Biomechanics is the study of the effects and control of forces that act on or are produced by living tissue. Biomechanics also involves understanding the generation of internal forces within the human body. It examines the loading, posture and movements generated by these internal and external forces. Researchers in this area are involved in basic, clinical and occupational problems. Biomechanics is interdisciplinary study of the intersection of the biological and mechanical worlds. It draws from a wide range of the sciences, e.g., mechanics, materials, physics, chemistry, physiology, morphology, medicine, pathology, dentistry, molecular biology, etc. Biomechanics basically applies engineering principles to the understanding of biological systems at the macro and microscopic levels. So it is a field of specialization that integrates the mechanical and biological aspects of living systems. Although modern biomechanics is a relatively young and dynamic field, its history can be traced back to the fifteenth century, when Leonardo Da Vinci (1452-1519) noted the significance of mechanics in his biology studies. As a result of contributions from researchers in the fields of biology, medicine, basic sciences, and engineering, the inter- and multidisciplinary field of biomechanics has been growing steadily in the last decades. As academic and industrial interests in human movement have expanded, many professional organizations recognize and support biomechanics as an integral part of exercise science, sports medicine, orthopedics, ergonomics, and physical therapy. The development of the field of biomechanics has improved our understanding of many concepts, including: the clarification of the definition and meaning of the terms normal and pathological, the mechanics of neuromuscular control, bone formation, the mechanism of the response to injury of the musculoskeletal system, the mechanics of blood flow in the microcirculation, the mechanics of air flow in the lung, and the mechanics of growth and form. Biomechanics has contributed to the development of medical diagnostics and treatment procedures. It has provided the means for designing and manufacturing medical instruments, devices for the handicapped, artificial replacement limbs and implants. Biomechanics has wide range of application fields as:

  1. Physical Therapy
  2. Occupational Therapy
  3. Medicine (Orthopedics, Sports medicine, Rehabilitation medicine, Occupational medicine, Forensic medicine)
  4. Ergonomics (Industrial medicine)
  5. Bioengineering
  6. Kinesiology (Movement science)
  7. Arts (Performance arts, fine arts)

Following specific topics can be involved in the research areas of biomechanics:

  1. Factors contributing to falls following a perturbation.
  2. Motor adaptations to repeated perturbation exposure.
  3. Kinematic and kinetic analyses of sports techniques.
  4. Strength assessment for clinical settings.
  5. Mathematical models of balance recovery.
  6. Mathematical and in-vitro models of the spine.

The candidates fulfilling the university requirements are awarded the degree of Master of Science (M.S.) or Doctor of Philosophy (Ph.D.) in Engineering Sciences. For both MS and PhD degrees, a minimum of seven courses (four must and three elective courses) and a seminar on the thesis topic is required by the department.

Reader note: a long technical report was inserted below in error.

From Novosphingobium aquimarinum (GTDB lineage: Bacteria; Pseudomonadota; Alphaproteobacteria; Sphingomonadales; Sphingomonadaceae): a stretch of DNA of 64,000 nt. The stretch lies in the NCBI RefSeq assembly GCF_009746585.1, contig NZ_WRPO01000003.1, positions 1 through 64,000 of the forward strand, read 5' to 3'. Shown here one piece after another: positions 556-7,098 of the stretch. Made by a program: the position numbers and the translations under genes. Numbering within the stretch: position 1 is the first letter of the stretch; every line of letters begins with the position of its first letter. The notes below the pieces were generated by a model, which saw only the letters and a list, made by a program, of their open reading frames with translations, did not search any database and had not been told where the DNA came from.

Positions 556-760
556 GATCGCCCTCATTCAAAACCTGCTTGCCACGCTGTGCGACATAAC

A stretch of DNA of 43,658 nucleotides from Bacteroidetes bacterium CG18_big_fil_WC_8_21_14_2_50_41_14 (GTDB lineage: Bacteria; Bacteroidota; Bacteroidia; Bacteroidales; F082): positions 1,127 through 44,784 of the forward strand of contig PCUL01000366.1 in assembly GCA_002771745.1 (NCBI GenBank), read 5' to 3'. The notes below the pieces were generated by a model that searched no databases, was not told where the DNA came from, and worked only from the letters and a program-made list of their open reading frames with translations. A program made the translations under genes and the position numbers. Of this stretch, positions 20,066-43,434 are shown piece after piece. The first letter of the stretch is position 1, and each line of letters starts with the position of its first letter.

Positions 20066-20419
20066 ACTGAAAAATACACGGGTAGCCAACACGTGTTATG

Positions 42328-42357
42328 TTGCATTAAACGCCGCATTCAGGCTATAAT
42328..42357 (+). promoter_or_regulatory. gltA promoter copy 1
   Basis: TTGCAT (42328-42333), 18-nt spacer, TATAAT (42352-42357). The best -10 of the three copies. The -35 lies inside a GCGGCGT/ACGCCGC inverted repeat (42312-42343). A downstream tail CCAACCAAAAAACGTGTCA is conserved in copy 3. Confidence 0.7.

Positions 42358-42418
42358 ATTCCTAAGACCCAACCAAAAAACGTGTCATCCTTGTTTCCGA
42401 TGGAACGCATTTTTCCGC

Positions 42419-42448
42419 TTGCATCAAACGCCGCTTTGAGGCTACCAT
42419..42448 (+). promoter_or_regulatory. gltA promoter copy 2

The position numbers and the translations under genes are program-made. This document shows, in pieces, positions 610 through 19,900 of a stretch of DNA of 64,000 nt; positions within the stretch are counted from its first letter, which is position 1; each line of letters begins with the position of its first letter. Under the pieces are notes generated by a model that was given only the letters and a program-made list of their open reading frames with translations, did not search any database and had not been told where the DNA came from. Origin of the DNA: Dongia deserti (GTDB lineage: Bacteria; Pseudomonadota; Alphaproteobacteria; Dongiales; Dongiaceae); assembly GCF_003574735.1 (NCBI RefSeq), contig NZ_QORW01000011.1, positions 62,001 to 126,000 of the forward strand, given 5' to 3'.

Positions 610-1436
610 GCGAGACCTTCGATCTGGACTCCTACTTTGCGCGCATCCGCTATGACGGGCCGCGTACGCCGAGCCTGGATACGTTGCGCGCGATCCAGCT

The primary objective of the program is to prepare students for professional careers, or academic and research careers. Therefore, the Biomechanics Graduate Curriculum is designed to be a well-balanced blend of theoretical, practical, and research skills coursework. The primary objective of the program is

  1. To provide a broad base in mathematics, physical science, engineering science, computational skills, laboratory training, and design experience so that graduates can apply the fundamentals of theoretical and/or experimental mechanics in a rational, responsible, and efficient manner.
  2. To gain ability in the design and analysis of solid structures and systems.
  3. To use the methods of engineering for quantifying and understanding how the body moves, how movement is controlled, and the forces acting on biological tissues during movement..
  4. To enhance the understanding of human anatomy and function with specific analytical models of the musculoskeletal system.
  5. To assess mobility problems in various neuro-musculoskeletal situations.
  6. To assess and reduce the risks in occupational settings that involve understanding the mechanisms and reducing acute and repetitive strain injuries in the workplace environments and improve employee safety.


The Biomechanics Laboratory of the Department of Engineering Sciences which is located on the ground level of the MM Building and other departmental facilities will be used for teaching and research.


Candidates fulfilling the general requirements for admission to graduate status apply to the Department of Engineering Sciences. Those who have insufficient background in mechanics and/or applied mathematics will be required to complete a deficiency program. 


The program is supported by the course offerings of the Department of Engineering Sciences as well as by other engineering and science departments. A dynamic list of elective courses is published every semester. Ph.D. candidates with biomechanics degree are required to complete the compulsory courses of the M.S. program of Biomechanics. M.S. program consists of courses and a thesis. Ph.D. program consists of courses, qualifying examination, thesis proposal and a thesis.